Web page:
That’s why I felt such a need to get into the woods and why I felt so satisfied when we left, in spite of the heat, poison ivy, and other inconveniences — or maybe because of them. My everyday world is the world of the instrument. Everything has has a function for me, easily controlled. Everything is a tool, ready-at-hand for my use. My everyday world is what Martin Heidegger called a “standing reserve” — it appears to me not as a thing-in-itself, but as a resource for my appropriation. When I go into the woods, though, I encounter a world that is there not for me, but for itself. It is a world that seems much more indifferent to my existence than the ready-made world of tools I left behind. In the world of the woods, my sensual self takes the forefront, and my intellectual self takes a back seat. My primary experience of the world in the woods is the direct, participative knowledge Huxley talks about, instead of the abstract, instrumental knowledge. This, I think is why I enjoy hiking so much. I’m not walking to get some place. I am walking to walk — to be in the woods and to feel myself in my own body, to throw myself up against the world (as I have written elsewhere). And this is why I leave the woods feeling satisfied, just like a hunger has been sated — because it has: a soul-hunger, a hunger for direct, sensory-rich contact with the world.
To one person, farmland might seem “wild”, at least in comparison with the urban setting they might be more familiar with. To another person, a state park is more of a human environment than a “natural” one. So, if the difference between these two worlds is merely a matter of degree and if the distinction is largely subjective, then that means it is possible to experience the participative mode of being in my everyday world. All that it requires is “unfamiliarizing” myself with that everyday world. (Easier said than done!) There is so much that I take for granted, that my gaze passes casually over, that I rush past. There are birds and trees and dirt and worms and sunlight and wind just outside my air-conditioned office window. I walk by these things every day. I see them through the glass windows of my little cages: my home, my car, my office. Even when I am outside, how often do I pause to really see them, much less touch them or smell them?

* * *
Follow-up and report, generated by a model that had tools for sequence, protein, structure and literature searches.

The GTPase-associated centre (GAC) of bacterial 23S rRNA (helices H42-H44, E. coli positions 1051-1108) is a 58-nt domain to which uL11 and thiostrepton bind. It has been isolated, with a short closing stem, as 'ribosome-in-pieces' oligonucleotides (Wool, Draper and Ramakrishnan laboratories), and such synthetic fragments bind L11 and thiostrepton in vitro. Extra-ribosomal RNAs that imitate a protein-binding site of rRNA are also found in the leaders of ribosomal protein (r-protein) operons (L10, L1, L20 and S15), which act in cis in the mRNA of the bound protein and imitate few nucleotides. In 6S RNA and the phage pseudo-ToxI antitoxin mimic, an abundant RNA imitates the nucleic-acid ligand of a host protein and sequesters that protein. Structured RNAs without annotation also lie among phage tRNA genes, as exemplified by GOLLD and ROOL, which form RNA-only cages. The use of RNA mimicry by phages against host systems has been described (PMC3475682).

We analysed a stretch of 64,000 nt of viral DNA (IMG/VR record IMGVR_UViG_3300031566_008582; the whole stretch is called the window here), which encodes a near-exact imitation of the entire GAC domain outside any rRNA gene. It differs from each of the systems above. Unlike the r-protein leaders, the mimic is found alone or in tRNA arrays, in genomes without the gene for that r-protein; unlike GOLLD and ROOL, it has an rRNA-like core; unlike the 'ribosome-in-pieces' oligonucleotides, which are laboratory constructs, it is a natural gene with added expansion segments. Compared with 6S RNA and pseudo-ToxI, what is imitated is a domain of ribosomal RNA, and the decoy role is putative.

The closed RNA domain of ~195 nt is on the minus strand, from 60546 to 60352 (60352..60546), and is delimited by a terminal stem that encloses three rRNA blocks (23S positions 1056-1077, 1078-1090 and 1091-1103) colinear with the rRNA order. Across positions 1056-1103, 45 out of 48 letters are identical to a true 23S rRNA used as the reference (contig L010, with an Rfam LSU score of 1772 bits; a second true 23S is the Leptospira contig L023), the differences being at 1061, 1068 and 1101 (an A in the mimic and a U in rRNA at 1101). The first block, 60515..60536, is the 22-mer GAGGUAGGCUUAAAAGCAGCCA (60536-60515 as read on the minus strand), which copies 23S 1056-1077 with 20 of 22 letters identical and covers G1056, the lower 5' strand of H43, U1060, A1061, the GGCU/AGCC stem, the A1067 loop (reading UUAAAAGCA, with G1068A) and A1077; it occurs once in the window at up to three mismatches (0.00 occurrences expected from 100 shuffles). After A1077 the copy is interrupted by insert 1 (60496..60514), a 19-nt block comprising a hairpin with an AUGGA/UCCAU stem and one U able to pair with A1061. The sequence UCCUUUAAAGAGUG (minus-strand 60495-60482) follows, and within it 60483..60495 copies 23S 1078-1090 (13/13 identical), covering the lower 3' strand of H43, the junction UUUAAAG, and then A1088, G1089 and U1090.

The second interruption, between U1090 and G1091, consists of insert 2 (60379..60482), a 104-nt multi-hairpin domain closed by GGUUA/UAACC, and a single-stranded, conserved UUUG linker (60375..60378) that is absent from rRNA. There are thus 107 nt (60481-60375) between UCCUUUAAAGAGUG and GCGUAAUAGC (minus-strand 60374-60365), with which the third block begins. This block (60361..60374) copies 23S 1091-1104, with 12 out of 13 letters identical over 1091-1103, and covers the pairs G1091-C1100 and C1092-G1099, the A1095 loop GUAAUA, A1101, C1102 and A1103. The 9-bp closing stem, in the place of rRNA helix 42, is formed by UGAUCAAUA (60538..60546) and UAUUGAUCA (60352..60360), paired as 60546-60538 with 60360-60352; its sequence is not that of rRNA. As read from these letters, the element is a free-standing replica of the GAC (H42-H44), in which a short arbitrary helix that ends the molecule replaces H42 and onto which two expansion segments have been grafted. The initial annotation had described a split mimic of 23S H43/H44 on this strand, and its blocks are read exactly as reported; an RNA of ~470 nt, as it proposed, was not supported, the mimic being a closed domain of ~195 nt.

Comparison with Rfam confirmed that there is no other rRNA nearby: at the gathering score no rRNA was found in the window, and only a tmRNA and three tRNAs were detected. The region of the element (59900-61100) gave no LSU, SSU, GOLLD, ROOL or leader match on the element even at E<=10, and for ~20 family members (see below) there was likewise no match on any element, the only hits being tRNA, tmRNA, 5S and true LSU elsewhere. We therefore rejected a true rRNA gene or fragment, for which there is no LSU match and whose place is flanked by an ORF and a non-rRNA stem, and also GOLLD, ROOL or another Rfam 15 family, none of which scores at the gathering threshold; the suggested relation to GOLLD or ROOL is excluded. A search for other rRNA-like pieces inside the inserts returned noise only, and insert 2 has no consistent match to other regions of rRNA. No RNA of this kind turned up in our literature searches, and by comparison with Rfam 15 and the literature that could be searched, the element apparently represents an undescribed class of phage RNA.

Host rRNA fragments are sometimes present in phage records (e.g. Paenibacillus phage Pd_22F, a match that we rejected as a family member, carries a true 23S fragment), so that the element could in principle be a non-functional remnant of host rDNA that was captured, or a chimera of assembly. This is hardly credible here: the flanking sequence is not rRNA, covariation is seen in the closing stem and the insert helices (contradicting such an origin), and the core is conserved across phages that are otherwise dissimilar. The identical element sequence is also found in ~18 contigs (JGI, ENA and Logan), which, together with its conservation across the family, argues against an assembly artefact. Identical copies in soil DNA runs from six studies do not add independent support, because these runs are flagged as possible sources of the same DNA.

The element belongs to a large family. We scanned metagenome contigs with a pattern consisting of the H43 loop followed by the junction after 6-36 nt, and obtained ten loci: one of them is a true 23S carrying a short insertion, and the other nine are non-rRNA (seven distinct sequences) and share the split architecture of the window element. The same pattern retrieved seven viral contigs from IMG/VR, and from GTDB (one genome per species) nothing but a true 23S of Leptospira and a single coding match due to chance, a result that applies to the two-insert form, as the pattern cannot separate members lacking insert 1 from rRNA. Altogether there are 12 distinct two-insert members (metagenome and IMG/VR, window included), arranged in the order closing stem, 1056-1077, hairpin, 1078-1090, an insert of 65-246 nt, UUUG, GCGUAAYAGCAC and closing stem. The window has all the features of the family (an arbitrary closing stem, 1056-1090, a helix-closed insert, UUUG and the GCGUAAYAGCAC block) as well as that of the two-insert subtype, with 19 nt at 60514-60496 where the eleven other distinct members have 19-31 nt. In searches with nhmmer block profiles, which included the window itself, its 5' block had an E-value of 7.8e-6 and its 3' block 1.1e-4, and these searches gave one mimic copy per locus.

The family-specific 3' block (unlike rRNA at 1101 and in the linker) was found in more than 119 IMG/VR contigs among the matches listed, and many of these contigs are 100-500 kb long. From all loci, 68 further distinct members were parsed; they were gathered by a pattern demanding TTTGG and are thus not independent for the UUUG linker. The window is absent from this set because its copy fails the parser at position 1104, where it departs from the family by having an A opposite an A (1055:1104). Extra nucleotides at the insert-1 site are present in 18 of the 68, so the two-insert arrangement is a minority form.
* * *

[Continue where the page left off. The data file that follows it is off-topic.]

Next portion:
Would it be possible to stand in my suburban yard or even in a concrete parking lot and have the same sensual experience of participation that I have in the woods? Surely it would be more difficult, but not impossible, I think. Perhaps this is what John Muir meant when he wrote:
“To the sane and free it will hardly seem necessary to cross the continent in search of wild beauty, however easy the way, for they find it in abundance wherever they chance to be. Like Thoreau they see forests in orchards and patches of huckleberry brush, and oceans in ponds and drops of dew.”
And perhaps this is why children seem to have so much wonder at our mundane world: it has not yet become instrumental for them; they have not yet learned to control it, and so, they have not forgotten how to see it. Annie Dillard writes:
“An infant who has just learned to hold up his head has a frank and forthright way of gazing about him in bewilderment. He hasn’t the faintest clue where he is, and he aims to find out. In a couple of years, what he will have learned instead is how to fake it: he’ll have the cocksure air of a squatter who has come to feel he owns the place. Some unwonted, taught pride diverts us from our original intent, which is to explore the neighborhood, view the landscape, to discover at least where it is that we have been so startlingly set down, if we can’t learn why.”
So this is going to be my challenge: to explore the neighborhood — figuratively and literally — to find “the woods” in my own backyard, in the neighborhood retention pond, in the parking lot of my office building.